The revised Act on Therapeutic Products will bring significant changes to the Swiss healthcare system with respect to both undue material benefits as well as transparency. These obligations are going far beyond the Swiss code of conduct for the pharmaceutical industry. With our PharmaCircular, we would like to keep you abreast of the most important changes regarding discounts and refunds.
The Act on Therapeutic Products (ATP) is the main legislation for the authorization, manufacturing, distribution, and marketing of medical products in Switzerland. On 18 March 2016, the Swiss parliament adopted the revised ATP. To prepare the implementing ordinances, the Department of Home Affairs has published the respective drafts for public consultation. It has announced that the effective date for the revised TPA, along with its ordinances, is most likely 1 January 2019.
The new law will bring significant changes to the Swiss healthcare system. The provisions on the prohibition of undue material benefits and the exemption for discounts and refunds are most controversial and nearly led to a failure of the revision.
Current situation with material benefits
At present, the TPA prohibits monetary benefits that constitute an inducement to prescribe or dispense medical products. Subject to this provision are medical professionals, such as physicians, pharmacists, and organizations that employ such persons, like hospitals. For the finding of inducement, the law requires a connection between the monetary benefit and the activities of the medical practitioner. However, a remote connection is sufficient. The prohibition for monetary benefits does not apply to:
(i) monetary benefits of modest value (up to CHF 300), which are related to the medical or pharmaceutical practice or
(ii) commercially or economically justified discounts, which are directly reflected in the price.
Unlike discounts, refunds are strictly forbid-den. In addition, but only with respect to medicinal products whose costs are reimbursed by compulsory health insurance and that are listed on the list of pharmaceutical specialities ("Spezialitätenliste" or SL respectively), the Health Insurance Act (AHI) requires that medical professionals pass on material benefits, including discounts, to the patient or its health insurance company. This legal framework had been criticized for being unclear and ineffective. In particular, the obligations under the AHI were not enforced for lack of a competent enforcement agency.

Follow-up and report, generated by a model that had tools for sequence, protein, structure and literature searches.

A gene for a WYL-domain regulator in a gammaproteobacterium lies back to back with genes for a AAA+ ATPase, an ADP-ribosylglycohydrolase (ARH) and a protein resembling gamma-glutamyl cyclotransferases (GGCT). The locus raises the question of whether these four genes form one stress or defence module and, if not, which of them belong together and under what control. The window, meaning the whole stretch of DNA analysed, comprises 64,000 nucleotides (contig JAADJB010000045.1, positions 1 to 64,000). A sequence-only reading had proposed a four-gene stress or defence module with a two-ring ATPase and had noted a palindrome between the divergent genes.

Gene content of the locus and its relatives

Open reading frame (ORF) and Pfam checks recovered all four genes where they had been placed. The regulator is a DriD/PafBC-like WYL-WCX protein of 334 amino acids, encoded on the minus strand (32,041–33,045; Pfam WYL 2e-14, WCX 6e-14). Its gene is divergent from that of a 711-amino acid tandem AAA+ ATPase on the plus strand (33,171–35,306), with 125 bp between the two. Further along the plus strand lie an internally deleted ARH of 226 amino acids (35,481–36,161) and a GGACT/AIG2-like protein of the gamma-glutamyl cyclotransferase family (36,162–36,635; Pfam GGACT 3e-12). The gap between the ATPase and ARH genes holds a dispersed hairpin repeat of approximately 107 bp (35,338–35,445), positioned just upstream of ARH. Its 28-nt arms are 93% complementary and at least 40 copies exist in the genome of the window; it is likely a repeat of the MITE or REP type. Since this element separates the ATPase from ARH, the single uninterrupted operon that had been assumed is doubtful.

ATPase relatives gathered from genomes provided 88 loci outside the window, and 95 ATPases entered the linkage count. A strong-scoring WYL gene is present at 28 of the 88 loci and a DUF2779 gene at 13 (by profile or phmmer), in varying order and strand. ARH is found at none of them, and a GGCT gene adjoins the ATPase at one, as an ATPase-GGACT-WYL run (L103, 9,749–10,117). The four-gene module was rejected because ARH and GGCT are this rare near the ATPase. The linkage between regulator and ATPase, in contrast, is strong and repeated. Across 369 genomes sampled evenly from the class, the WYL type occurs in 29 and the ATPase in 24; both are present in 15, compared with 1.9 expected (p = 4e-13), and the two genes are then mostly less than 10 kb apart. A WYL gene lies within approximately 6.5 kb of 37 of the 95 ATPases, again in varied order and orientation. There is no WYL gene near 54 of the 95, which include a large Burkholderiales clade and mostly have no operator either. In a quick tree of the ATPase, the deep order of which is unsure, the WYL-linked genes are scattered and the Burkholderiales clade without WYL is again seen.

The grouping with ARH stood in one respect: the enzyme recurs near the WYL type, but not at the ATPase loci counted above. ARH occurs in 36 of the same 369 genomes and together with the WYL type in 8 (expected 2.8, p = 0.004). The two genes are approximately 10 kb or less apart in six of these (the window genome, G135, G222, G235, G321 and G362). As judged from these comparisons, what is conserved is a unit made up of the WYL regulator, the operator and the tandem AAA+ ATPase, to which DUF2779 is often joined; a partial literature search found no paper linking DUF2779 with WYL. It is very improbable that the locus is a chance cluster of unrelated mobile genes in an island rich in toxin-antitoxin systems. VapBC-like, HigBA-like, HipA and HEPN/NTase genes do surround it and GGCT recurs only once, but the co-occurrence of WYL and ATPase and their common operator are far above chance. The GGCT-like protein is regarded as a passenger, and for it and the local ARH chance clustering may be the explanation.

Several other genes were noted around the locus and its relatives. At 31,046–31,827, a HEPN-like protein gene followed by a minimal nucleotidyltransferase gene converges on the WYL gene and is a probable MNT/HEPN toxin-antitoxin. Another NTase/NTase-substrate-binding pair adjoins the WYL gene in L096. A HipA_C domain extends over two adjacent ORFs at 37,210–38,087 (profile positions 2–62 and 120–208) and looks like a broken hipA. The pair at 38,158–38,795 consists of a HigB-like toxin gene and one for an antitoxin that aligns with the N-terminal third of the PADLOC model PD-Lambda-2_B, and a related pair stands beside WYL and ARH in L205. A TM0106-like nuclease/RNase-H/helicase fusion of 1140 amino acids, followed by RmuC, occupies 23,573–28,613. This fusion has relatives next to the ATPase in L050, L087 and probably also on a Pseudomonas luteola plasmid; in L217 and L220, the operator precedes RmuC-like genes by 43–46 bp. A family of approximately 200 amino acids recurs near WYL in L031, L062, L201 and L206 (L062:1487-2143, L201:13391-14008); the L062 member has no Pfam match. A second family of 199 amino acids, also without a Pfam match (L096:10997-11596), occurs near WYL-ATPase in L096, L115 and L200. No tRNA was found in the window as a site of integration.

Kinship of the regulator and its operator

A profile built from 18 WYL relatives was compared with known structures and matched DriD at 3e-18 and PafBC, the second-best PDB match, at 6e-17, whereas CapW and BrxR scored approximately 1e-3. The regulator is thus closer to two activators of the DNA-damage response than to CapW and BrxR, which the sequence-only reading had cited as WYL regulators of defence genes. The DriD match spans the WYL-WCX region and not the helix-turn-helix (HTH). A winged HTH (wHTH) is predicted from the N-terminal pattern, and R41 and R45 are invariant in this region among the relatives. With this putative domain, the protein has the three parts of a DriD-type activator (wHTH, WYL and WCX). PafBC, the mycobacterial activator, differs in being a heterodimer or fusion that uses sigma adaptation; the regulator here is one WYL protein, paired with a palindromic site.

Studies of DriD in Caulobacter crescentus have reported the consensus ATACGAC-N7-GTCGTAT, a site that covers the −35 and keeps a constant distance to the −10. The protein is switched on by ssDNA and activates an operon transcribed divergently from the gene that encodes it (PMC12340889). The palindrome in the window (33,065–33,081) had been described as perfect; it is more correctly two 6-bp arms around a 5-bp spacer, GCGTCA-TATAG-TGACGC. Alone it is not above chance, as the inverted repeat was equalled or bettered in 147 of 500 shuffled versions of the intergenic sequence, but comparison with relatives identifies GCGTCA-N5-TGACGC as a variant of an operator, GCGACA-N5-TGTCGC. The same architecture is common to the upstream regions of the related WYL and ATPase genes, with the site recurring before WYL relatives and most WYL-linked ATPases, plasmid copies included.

The revision aims at improving the safety of patients, also with respect to material benefits offered to medical professionals. In addition, the revision intends to improve the transparency in the market and to provide more clarity whether discounts and incentive systems are admissible. Contrary to a preliminary draft of the revision, the right of physicians to dispense drugs to their patients remains unchanged. Unlike most foreign jurisdictions, many cantons in Switzerland allow physicians to dispense drugs to their patients. The profit margin that physicians make dispensing medical products is widely accepted as a necessary means to keep the tariff for the physicians’ services low.
Prohibition of undue material benefits
Unlike the current legislation, the prohibition has now been limited to undue material benefits for prescription drugs (Rx). The Federal Council, however, is given the competence to extend the prohibition to other categories of therapeutic products as well, including non-prescription drugs (OTC) and medical devises. The new law prohibits undue material benefits irrespective of whether they affect the prescription, the dispensing, the administration, or the purchase of prescription drugs as such. Consequently, a connection between the material benefit and the medical practitioner's actions is no longer required.
New list of exceptions